I thought it was a good year all in all, maybe no show that will rock your world for years to come but a good year with lots of fun content.

« Last Edit: January 02, 2013, 11:08:52 PM by hyperknees91 »

Offline Kylaran

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Re: 2012: A Year in Review
« Reply #11 on: January 03, 2013, 09:47:20 AM »
Where did the forum thread go for this post? I hope no one minds if I start one.

Thanks for starting the thread!

As for my dislikes about the article, the first thing that comes to mind is obviously the lack of my favourite anime of the year, Chuunibyou demo koi ga shitai!. I know that the series is not without its flaws, and I wasn't the biggest fan of the ending either (especially coming from an Umineko no Naku koro ni VN background, which dealt with the exact same theme but in a far superior fashion). However, like K-ON!, this is a show that has the potential to touch the most inner-parts of one's soul. The joy that one extracts from watching Chu2koi is pretty much completely personal and emotional. There's no good way of rationally judging Chu2koi, and that's why it's practically impossible to convince people who don't like it to like it - or vice versa. Either you relate with the characters, or you don't. It's such a shame that I was seemingly the only one who enjoyed that series on this forums. I didn't actually make a post in the forums thread because I feel that everyone has missed the point of the show.

While I personally also enjoyed Chuu2koi, I felt that its biggest problem was that it simply came off as far too high school or teenager oriented in a while that appeals to a younger audience and/or the core otaku audience, but nothing more. It didn't stand out in terms of framing the issues it went about trying to discuss in a way that was more mature and could've brought about more interest in the show. In the end, it sort of came off as lots of eye candy but tons of unfulfilled potential, and that's where even I had to step down from supporting it as a candidate for making our yearly list.

The two anime Iím personally most disappointed at seeing not on the list would have to be Hotarubi no Mori e and Danshi Koukousei no Nichijou. I know the former retreads very familiar territory given its association by OC with Natsume Yuujinchou, but in that line of thinking, Iíd consider Hotarubi to be up there with Natsumeís best episodes as a subdued, sentimental, and very serene short love story and one of the best movies of the year (accounting for the Arrietty rule that came up last YIR article), especially in what seemed to be kind of a weak year for movies given that Wolf Children was the only film to make the list. And Iím of the opinion that Nichibros was a solid part meta-comedy that managed to successfully subvert and subsequently exceed the admittedly mild expectations I had for it when I finally got around to it. I can see why they both were left off the list if the staff decided to rule them out, though.

Unfortunately I haven't seen either show so I wasn't a part of the argument to include either of those, but I do know that NichiBros was raised as a possible candidate by someone and there was an ensuing discussion as whether or not it was quality material.

Also, on a bit of a minor nitpick: Kylaran misspelled the director Kishi Seiji in his AOTY note on Humanity Has Declined. At least, Kishi Seiji is a more recognizable name than Kishi Seo; I Googled the latter thinking I was mistaken in believing the former was at the helm, and the search turned up empty.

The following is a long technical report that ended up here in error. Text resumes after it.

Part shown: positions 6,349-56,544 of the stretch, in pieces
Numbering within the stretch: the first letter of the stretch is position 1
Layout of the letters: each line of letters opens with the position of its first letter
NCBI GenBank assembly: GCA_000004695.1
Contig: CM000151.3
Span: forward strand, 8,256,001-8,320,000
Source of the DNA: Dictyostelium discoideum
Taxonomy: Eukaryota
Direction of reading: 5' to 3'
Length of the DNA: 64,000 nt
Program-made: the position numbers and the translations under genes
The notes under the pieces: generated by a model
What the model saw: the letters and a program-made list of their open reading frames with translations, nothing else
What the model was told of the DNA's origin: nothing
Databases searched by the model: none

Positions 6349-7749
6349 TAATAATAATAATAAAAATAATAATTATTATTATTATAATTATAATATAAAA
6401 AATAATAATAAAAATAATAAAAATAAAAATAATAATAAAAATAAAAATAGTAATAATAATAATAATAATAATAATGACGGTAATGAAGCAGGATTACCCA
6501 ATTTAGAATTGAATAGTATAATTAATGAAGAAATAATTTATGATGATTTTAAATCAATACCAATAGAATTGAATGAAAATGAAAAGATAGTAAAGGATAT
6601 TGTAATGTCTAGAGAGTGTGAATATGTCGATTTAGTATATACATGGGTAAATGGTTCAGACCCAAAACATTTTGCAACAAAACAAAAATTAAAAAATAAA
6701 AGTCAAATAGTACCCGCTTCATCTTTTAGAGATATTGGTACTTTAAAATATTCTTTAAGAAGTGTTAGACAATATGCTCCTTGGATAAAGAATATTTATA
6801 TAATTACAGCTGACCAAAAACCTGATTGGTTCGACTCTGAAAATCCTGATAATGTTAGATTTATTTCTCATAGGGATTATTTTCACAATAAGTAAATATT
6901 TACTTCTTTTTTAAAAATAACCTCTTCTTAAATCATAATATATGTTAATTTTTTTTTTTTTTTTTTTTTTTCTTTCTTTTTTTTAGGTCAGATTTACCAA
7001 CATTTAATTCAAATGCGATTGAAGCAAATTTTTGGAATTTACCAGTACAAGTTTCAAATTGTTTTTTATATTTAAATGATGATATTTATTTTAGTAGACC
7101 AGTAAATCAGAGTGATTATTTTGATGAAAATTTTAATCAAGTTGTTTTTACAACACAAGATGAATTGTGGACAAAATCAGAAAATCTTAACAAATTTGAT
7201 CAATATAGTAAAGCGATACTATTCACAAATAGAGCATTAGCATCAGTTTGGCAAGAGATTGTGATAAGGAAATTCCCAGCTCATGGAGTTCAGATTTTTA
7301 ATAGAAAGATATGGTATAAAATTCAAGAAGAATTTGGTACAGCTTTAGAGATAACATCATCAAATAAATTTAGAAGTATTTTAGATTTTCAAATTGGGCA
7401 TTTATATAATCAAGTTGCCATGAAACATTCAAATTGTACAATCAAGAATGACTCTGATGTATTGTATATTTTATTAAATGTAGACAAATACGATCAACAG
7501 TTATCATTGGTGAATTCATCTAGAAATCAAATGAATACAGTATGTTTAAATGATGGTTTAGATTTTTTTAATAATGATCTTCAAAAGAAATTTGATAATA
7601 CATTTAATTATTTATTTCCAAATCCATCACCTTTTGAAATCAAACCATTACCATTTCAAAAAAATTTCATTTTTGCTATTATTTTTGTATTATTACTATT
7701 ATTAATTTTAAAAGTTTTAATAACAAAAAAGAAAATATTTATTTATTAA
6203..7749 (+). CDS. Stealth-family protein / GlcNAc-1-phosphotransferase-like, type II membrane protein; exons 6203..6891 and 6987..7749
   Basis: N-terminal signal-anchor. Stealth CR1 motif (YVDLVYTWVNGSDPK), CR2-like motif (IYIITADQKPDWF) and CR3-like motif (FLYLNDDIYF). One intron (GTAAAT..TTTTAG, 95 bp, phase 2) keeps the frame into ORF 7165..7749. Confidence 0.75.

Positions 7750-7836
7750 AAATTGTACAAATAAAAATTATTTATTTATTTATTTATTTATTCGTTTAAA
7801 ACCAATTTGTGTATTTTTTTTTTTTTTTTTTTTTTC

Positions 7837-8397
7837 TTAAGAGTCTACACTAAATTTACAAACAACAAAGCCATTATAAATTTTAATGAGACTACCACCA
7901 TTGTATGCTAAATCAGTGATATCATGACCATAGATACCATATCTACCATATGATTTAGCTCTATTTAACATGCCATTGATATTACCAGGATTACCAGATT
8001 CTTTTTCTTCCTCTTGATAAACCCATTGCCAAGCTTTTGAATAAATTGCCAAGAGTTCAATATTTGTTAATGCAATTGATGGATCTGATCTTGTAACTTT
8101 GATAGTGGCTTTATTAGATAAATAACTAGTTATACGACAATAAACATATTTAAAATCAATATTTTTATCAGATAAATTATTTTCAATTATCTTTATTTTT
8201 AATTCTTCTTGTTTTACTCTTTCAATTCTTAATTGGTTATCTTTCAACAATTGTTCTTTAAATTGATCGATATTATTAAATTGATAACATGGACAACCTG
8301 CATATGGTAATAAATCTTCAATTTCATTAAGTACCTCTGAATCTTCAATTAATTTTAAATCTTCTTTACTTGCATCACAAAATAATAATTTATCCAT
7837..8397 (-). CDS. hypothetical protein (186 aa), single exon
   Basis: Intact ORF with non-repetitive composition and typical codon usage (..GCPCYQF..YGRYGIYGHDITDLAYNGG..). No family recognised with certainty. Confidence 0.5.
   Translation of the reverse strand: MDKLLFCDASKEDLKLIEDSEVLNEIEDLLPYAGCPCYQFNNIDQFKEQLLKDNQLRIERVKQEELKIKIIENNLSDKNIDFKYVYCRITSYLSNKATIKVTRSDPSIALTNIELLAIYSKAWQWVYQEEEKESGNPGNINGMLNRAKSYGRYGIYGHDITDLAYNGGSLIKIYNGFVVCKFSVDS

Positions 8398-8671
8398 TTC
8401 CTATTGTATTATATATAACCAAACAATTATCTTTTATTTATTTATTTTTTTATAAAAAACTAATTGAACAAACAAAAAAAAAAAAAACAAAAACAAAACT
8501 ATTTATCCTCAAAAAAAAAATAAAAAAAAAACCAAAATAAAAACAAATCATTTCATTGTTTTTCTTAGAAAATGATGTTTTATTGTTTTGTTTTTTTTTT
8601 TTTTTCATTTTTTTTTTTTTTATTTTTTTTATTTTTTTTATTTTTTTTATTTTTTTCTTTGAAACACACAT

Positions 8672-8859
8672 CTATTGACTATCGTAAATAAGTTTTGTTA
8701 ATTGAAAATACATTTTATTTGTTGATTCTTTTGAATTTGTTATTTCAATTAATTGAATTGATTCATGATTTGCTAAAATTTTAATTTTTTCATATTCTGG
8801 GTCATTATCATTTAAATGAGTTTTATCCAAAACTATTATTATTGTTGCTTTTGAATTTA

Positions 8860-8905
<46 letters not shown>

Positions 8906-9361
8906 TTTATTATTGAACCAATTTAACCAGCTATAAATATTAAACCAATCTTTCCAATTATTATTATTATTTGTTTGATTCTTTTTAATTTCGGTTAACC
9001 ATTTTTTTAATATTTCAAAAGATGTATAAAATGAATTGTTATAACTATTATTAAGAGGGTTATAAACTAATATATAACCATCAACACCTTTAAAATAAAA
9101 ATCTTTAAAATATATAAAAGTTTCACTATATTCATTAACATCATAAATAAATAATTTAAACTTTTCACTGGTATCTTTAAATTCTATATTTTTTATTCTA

Holy crap. Thank you so much! Someone was talking about Seo Kouji (the mangaka who did Suzuka and is serializing Kimi no Iru Machi at the moment) and that must've slipped into my head as I was writing my contribution.

While I personally think Humanity has Declined had the single best MC of the year with Watashi, in terms of overall premise I also think it's a close battle between Chihayafuru and Sakamichi no Apollon. But at the end of the day, the former gets my vote because of how well-packaged everything was. The show's eponymous heroine Chihaya is one of the best well-rounded female lead I've seen in a while, the OST was great (although SnA's was equally great), the aesthetics were fantastic, and its story was simple but well-written with an ending that naturally makes me keen for its sequel. To put it simply, there's less flaws for me to pick at. Bonus points for being a premise built on karuta, which I think is quite an obscure and difficult sport to generate interest with.

This actually sums up most of my feelings too. Well said!

Quote from: TIF
I don't think that's what Imperial is saying at all.  I think he's just surprised that Chuu2 didn't get more consideration.  After all, KyoAni had two shows for 2012 and is well represented here with Hyouka.  I don't agree with him about Chuu2 at all; I thought it was an utterly disappointing waste of ****ing time and I really didn't (still don't) understand what the hell Kyoto Animation was trying to do with it.  It wasn't boring, and was fun, so it's not like it sucks.  I just don't consider it even close to one of the best titles of 2012.

I'm still totally guessing here but I think much like with how Clannad After Stories final arc adaptation ended up they just trapped themselves between the story/moral that they (Original LN author?) started off trying to tell and not wanting to offend 2channers and ended up choosing the resolution that made the least logical/moral sense but would probably be least likely to set off a firestorm.  No way in hell Kyoani is actually going to go with an end that outright implies Rikka and friends had to grow up in terms of character, personality and maturity and face harsh reality directly cause it would be the exact opposite message of everything their brand seems to stand for and what they built their reputation on.  Escapism and eliciting largely net-positive feel good emotions from the audience.

And yes this is why I find that show and arguably the Kyoani brand as a whole to be fundamentally flawed in some respects in spite of the technical and small details they often get right.